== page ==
Djenné

By William Dewey
Pennsylvania State University (formerly University of Iowa)

MaliDjenné style

Mask

Clay

W. 17 cm (7")

The University of Iowa Museum of Art, The Stanley Collection, X1986.497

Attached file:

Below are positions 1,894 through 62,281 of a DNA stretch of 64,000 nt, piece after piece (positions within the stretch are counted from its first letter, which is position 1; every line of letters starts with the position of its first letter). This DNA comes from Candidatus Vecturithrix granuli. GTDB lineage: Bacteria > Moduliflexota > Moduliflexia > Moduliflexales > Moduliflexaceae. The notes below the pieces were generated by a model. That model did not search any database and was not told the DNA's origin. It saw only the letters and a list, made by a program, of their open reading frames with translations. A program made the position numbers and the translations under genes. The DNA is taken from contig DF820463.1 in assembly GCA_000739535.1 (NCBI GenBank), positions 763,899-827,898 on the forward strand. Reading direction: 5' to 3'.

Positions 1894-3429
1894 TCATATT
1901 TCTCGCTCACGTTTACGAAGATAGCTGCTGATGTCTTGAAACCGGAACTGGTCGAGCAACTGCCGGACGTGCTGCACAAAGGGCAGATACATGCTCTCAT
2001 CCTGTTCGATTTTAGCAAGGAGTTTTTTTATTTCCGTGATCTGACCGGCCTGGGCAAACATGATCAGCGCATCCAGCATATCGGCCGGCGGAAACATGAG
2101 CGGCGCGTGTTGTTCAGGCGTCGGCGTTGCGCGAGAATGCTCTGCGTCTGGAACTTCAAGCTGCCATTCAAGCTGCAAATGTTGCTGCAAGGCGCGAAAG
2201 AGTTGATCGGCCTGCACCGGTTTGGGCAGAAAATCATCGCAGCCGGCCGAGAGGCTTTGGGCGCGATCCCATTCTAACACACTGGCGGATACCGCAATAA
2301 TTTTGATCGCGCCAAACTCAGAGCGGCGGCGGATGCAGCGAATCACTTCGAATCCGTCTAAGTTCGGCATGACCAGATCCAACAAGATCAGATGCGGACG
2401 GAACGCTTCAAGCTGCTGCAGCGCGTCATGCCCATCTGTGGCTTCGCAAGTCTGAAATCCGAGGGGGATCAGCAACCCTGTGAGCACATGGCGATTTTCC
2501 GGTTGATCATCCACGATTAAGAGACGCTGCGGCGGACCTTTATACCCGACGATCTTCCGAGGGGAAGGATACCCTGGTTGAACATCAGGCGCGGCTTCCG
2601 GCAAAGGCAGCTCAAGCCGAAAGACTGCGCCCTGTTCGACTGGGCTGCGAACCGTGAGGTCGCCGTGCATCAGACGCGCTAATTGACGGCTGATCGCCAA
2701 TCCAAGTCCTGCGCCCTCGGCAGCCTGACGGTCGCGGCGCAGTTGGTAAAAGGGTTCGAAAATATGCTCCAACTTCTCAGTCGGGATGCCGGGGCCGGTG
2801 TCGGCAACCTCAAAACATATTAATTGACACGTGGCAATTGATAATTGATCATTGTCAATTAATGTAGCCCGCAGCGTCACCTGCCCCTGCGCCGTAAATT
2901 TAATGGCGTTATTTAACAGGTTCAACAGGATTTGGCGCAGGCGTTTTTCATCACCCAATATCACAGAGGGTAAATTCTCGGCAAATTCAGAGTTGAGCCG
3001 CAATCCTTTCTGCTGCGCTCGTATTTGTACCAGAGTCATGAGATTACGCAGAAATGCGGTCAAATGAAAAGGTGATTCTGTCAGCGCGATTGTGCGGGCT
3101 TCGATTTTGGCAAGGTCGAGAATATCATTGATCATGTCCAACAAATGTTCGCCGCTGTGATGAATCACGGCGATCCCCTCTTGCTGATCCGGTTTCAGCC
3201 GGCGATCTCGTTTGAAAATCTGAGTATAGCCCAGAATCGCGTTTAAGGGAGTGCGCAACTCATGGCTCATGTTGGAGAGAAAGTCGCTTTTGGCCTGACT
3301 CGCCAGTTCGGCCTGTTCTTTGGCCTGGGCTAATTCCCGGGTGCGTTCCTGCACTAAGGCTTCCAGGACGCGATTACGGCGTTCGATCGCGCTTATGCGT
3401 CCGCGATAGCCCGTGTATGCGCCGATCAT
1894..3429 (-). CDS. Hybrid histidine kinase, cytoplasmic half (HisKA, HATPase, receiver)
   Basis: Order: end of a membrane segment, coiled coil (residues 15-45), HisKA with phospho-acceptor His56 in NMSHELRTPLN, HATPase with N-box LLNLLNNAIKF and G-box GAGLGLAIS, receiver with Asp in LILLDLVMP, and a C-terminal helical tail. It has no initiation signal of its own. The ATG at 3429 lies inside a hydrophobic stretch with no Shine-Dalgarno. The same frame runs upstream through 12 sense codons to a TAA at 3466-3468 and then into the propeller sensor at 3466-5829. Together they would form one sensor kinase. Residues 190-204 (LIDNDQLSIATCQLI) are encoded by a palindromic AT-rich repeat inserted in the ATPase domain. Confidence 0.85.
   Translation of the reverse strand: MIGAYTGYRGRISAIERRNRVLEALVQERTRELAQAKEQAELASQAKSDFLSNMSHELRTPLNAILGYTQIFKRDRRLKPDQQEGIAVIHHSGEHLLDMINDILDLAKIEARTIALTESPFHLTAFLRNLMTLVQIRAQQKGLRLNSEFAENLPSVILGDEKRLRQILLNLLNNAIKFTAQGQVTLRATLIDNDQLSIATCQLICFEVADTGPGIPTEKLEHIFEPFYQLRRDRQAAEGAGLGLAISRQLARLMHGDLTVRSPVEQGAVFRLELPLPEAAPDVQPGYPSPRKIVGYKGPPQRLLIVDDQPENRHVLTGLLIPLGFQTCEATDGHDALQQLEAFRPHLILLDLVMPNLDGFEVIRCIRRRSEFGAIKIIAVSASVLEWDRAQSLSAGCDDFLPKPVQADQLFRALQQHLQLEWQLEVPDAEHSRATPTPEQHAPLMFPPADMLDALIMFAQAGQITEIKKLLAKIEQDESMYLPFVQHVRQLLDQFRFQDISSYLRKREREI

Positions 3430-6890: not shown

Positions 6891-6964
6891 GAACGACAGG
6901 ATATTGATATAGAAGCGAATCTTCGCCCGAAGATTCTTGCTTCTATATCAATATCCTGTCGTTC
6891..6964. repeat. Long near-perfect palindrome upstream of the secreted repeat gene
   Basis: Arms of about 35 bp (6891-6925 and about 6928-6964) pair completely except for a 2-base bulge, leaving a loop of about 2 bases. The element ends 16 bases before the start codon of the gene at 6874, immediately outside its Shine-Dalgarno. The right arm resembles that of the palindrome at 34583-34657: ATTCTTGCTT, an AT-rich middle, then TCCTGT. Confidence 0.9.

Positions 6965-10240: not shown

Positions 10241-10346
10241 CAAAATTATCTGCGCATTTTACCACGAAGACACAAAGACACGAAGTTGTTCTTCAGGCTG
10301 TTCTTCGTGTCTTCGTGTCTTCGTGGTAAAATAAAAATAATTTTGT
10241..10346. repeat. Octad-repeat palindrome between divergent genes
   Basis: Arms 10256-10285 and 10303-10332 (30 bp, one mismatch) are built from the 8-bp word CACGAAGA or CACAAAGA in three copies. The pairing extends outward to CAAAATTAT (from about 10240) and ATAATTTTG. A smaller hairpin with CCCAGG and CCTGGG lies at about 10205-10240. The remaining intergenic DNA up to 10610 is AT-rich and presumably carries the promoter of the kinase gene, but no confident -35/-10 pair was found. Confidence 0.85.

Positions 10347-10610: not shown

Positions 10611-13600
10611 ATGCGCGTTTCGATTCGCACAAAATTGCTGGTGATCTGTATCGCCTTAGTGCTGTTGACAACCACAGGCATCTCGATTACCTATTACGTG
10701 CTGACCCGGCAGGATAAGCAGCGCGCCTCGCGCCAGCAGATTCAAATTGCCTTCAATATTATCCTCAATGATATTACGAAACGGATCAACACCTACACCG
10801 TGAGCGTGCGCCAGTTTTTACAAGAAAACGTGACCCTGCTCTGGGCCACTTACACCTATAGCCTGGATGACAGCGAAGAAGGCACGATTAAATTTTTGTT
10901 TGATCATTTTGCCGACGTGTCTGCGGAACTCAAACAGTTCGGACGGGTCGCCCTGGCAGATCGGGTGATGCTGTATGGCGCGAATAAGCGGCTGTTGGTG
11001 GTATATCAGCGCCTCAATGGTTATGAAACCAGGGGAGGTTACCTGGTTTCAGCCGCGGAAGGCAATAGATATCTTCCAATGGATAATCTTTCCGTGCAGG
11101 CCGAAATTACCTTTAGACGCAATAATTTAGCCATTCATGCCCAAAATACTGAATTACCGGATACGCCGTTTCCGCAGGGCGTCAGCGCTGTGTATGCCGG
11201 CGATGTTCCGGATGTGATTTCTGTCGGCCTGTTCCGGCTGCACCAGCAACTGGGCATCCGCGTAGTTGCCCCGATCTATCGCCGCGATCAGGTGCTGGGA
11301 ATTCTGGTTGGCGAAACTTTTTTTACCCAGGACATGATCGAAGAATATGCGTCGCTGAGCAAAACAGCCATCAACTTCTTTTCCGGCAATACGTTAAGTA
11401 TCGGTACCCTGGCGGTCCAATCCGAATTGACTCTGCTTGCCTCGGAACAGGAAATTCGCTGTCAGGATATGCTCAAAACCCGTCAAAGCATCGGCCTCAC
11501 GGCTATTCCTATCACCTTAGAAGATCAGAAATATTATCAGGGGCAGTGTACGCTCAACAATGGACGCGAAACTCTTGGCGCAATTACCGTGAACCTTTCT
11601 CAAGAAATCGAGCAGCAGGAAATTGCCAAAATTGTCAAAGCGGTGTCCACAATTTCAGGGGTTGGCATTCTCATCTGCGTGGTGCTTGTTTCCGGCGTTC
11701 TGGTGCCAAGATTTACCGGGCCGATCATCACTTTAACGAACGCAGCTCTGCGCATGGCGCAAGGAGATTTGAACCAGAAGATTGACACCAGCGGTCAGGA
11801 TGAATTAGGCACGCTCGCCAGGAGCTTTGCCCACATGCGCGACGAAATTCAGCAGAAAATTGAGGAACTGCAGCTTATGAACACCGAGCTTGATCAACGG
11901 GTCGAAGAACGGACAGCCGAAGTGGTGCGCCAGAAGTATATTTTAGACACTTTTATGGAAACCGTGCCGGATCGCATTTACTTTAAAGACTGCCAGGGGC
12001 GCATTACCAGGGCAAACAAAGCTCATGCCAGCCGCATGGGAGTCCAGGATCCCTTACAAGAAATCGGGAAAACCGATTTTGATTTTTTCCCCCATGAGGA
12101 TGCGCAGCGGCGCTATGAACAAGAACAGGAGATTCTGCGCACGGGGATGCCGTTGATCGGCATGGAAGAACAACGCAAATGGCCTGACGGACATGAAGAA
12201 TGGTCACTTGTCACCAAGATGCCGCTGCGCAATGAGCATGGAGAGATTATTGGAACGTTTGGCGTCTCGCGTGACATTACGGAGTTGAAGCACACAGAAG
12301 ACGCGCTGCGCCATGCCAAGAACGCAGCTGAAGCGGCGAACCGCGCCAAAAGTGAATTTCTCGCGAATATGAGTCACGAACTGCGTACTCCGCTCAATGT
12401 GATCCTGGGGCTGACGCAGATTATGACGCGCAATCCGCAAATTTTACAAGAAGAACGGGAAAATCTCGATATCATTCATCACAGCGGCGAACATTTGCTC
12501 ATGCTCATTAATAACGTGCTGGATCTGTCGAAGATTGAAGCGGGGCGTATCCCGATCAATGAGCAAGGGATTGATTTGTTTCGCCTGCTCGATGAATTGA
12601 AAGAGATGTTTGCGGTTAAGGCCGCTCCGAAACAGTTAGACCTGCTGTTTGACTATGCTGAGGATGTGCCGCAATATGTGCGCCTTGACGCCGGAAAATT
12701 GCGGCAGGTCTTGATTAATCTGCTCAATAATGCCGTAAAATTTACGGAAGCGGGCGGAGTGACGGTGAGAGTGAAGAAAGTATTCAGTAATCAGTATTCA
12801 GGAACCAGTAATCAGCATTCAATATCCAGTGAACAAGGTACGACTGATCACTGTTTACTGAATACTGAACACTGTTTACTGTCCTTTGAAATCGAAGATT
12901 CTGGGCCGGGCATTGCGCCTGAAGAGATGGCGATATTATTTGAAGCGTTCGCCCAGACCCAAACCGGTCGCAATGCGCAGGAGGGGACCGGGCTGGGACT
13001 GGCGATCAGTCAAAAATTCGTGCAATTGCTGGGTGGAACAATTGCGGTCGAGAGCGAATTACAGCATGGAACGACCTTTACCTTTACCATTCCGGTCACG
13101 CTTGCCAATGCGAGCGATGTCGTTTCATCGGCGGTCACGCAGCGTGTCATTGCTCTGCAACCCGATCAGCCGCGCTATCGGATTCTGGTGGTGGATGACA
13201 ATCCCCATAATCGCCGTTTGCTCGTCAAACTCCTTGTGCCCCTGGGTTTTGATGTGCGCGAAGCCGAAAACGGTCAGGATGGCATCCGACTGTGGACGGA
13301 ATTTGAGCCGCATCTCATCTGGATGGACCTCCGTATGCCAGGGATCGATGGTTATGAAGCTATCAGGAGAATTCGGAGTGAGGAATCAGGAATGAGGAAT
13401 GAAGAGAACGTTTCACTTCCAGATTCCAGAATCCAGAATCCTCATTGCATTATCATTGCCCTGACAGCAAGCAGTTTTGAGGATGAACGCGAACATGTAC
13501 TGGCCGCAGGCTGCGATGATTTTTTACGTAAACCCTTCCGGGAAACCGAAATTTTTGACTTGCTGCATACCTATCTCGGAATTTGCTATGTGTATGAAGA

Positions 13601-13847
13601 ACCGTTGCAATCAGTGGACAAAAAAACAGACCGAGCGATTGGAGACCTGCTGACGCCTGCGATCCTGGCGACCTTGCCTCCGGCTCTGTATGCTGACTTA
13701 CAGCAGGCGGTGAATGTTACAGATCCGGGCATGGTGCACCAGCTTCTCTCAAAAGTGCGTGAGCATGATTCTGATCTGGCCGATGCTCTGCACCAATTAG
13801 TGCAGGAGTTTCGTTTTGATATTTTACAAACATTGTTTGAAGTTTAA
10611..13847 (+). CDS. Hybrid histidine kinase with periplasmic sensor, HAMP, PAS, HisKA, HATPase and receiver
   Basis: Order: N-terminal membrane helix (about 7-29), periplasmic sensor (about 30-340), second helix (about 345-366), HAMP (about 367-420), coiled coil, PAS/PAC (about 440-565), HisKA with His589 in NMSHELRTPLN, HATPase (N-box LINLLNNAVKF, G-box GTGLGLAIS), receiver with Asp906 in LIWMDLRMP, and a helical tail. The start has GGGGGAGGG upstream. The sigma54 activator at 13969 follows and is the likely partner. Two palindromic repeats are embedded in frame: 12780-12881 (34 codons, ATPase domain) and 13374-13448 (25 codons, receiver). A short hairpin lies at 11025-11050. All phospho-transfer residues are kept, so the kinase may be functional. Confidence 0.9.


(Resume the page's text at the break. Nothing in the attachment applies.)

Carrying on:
This most unusual terracotta mask is large enough for actual use, but it is unknown whether it was intended for the living or the dead (Roy 1994: 14).  McIntosh, while unwilling to speculate on individual objects or motifs, does feel a broader pattern of use is discernible. Taking the dates and frequency of figure appearance at old Djenné, he proposes that it shows “a gradual growth in the ambiguity of belonging [of the diverse people and communities being united into a city] and a production of symbols [sculpture] to resolve that ambiguity, building strength by the mid-first millennium as the settlement achieved urban status” (1989: 82).  In the 13th and 14th centuries, figures were purposefully desecrated in old Djenné; one had its head knocked off, just as Islam was making inroads into the area. Shortly thereafter the sculptures ceased to be produced, and a new belief system, Islam, became the unifying force.